We’re starting to set the ball rolling in terms of designing a company’s website. Currently it looks like an antique website that belongs to a bygone era.

And now we want to change the look and feel to give it a more international and modern/progressive flavor. Which is easier said than done. Had it been left to entirely to me, I probably would have designed something according to my sensibilities, but obviously, sine it is a large organization, and anything that affects everyone, needs everyone’s consensus – wherein lies my problem.

I do not know how to impress upon the team, how important it is to have a web standards compliant website! All they seem to want is a nice flashy – Flash-based website that looks good. Since they do not have any idea about the “other stuff” it is being assumed that there is no other stuff – which is typical human behavior.

But for the greater good, I want the website done well because ultimately, tomorrow, when I showcase the website as part of my portfolio, I need to be able to show it around proudly. But I am not sure how to go about getting the website designed in accordance with international web standards – as it is I am anti-Flash simply because I feel that it will not achieve anything for this company in accordance with what they do and the services they provide. Had we been expert Flash programmers, I guess it would have been the practical thing to do to build the whole website in Flash.

I believe we need a clean, simple, brief and a very to-the-point website – but it isn’t my decision.

How do you – the web-designers especially – get clients to decide on “one” theme/style/idea when there are more than one decision-makers?

This post has been edited to make it more politically correct.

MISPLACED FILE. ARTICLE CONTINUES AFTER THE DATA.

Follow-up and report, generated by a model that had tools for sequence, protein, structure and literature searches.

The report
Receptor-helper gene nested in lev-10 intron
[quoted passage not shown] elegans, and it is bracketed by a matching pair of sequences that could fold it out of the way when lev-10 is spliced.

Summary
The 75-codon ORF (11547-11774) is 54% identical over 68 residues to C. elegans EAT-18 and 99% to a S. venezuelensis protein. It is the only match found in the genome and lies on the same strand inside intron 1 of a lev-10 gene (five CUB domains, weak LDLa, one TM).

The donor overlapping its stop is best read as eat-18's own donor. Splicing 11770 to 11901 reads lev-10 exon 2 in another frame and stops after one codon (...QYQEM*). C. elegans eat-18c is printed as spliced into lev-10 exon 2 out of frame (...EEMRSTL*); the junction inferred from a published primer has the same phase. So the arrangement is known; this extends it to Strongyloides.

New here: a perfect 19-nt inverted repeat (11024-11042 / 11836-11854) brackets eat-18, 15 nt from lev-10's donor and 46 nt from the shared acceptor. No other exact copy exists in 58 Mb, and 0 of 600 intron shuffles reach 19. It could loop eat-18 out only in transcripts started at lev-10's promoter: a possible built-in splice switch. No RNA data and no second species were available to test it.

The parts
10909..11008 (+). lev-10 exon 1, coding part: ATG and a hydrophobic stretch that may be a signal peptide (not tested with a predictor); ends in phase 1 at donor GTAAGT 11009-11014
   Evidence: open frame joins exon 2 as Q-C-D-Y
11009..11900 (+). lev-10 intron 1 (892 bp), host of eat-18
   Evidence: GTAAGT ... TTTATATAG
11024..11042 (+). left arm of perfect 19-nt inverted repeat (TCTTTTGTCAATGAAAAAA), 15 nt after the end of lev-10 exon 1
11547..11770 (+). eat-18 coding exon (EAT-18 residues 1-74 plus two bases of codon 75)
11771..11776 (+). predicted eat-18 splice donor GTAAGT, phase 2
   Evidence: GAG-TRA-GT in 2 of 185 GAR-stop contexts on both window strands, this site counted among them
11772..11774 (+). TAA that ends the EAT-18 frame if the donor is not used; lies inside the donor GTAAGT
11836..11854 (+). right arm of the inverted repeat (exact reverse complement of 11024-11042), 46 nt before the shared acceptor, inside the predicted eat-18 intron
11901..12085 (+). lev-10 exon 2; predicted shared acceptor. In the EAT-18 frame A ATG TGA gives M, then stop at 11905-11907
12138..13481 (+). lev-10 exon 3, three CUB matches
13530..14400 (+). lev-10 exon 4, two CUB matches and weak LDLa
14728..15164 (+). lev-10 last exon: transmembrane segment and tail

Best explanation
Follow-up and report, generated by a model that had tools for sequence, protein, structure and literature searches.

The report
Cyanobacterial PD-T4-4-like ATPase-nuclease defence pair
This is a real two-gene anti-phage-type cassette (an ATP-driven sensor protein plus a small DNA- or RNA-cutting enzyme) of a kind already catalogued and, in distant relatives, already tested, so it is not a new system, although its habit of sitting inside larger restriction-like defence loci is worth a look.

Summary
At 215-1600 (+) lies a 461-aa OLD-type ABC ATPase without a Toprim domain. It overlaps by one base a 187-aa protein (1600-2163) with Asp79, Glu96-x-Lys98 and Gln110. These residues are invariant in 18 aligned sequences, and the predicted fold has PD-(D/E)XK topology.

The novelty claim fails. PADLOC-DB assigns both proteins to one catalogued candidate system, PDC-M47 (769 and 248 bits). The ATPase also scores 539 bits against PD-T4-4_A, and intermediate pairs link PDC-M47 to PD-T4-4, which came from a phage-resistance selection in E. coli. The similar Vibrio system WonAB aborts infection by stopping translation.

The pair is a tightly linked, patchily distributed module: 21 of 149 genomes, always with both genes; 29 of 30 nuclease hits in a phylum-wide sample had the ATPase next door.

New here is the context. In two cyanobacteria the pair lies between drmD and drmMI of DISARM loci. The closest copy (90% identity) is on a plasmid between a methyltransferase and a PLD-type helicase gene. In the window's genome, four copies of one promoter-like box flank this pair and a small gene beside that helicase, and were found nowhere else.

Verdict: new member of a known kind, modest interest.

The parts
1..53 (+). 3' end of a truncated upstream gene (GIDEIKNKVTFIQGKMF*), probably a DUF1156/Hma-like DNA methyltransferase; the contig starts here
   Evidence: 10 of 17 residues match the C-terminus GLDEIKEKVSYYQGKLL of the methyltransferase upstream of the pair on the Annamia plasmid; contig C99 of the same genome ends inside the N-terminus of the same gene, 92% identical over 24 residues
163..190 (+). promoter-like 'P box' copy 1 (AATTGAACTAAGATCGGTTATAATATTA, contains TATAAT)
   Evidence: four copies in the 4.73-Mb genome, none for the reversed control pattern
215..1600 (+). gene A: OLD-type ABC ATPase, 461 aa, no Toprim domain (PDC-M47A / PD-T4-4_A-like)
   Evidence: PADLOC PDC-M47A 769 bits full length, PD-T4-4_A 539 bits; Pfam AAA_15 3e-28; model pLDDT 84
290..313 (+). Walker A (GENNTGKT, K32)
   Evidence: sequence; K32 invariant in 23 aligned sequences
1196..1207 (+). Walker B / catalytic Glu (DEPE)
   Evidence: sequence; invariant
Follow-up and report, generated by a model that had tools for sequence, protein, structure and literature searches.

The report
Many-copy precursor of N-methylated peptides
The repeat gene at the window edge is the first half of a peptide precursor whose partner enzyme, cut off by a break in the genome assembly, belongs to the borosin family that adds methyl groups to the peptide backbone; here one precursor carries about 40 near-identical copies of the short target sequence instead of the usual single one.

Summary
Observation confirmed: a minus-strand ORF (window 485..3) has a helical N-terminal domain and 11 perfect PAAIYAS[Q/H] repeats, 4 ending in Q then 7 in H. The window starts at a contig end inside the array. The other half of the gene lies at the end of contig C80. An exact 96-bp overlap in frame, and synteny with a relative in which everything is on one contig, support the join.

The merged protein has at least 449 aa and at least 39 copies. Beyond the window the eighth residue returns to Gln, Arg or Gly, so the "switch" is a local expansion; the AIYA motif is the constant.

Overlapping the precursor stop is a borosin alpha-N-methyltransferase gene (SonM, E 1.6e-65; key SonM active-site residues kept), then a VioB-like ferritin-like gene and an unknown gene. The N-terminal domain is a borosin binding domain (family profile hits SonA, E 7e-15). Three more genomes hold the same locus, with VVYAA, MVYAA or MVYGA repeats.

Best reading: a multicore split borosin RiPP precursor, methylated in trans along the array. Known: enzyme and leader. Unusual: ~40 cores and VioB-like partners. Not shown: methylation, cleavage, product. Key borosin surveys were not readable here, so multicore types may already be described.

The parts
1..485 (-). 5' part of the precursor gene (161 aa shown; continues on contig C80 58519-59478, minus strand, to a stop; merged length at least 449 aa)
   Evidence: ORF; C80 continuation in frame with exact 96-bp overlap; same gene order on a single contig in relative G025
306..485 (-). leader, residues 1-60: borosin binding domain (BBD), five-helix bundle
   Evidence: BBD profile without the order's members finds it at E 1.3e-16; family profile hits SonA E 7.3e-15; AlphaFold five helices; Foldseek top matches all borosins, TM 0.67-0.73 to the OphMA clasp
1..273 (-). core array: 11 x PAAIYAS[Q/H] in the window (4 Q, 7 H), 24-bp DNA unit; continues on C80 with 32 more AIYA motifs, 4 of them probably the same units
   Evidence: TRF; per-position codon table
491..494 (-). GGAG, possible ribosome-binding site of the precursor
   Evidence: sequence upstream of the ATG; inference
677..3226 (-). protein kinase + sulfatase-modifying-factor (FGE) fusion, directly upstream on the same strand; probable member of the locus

2 comments

  1. Welcome to the headbangers club :). Seriously, there needs some education, in subtle ways–at least to begin with. Don’t call it education, call it presentation. And in it, sneak-in the stuff you want to teach with references.

    Pass a hard copy—to those involved—with useful links in it for them to chew on when they go back to their desks and look-up those links on the internet.

    It’s not a bad idea to have Designing with web standards in your library and bookshelf. More than that keep advocating. Once you get to learn that some people are indeed listening, take the next step, make standards seem important (they are; you have to emphasize for those that are in the dark). Make them understand that purity of content and presentation has a value, incentive in form of better indexing on search results (which can’t be possible in a flash), and stuff like that. If you’re a hardcore standards junkie, eventually, you’ll see nirvana. And you’ll gain that fresh respect in your circle 🙂

  2. Hi Chetan,

    Yeah, you have a point – it has to be a slow and steady thing – but when the client has frozen his assumption that web design is a silly thing that needs to be done because everyone’s doing it – and because everyone’s doing it it must be easy – then it’s impossible to break that wall.

    I had a crazy request from a client once – that people from one particular geographical area should not be able to view the website – another request was to do something so that none of the client’s competitors could view the website otherwise they will copy it! Jeez!

    Headbanging indeed. Pleasure hearing from you!

Comments are closed.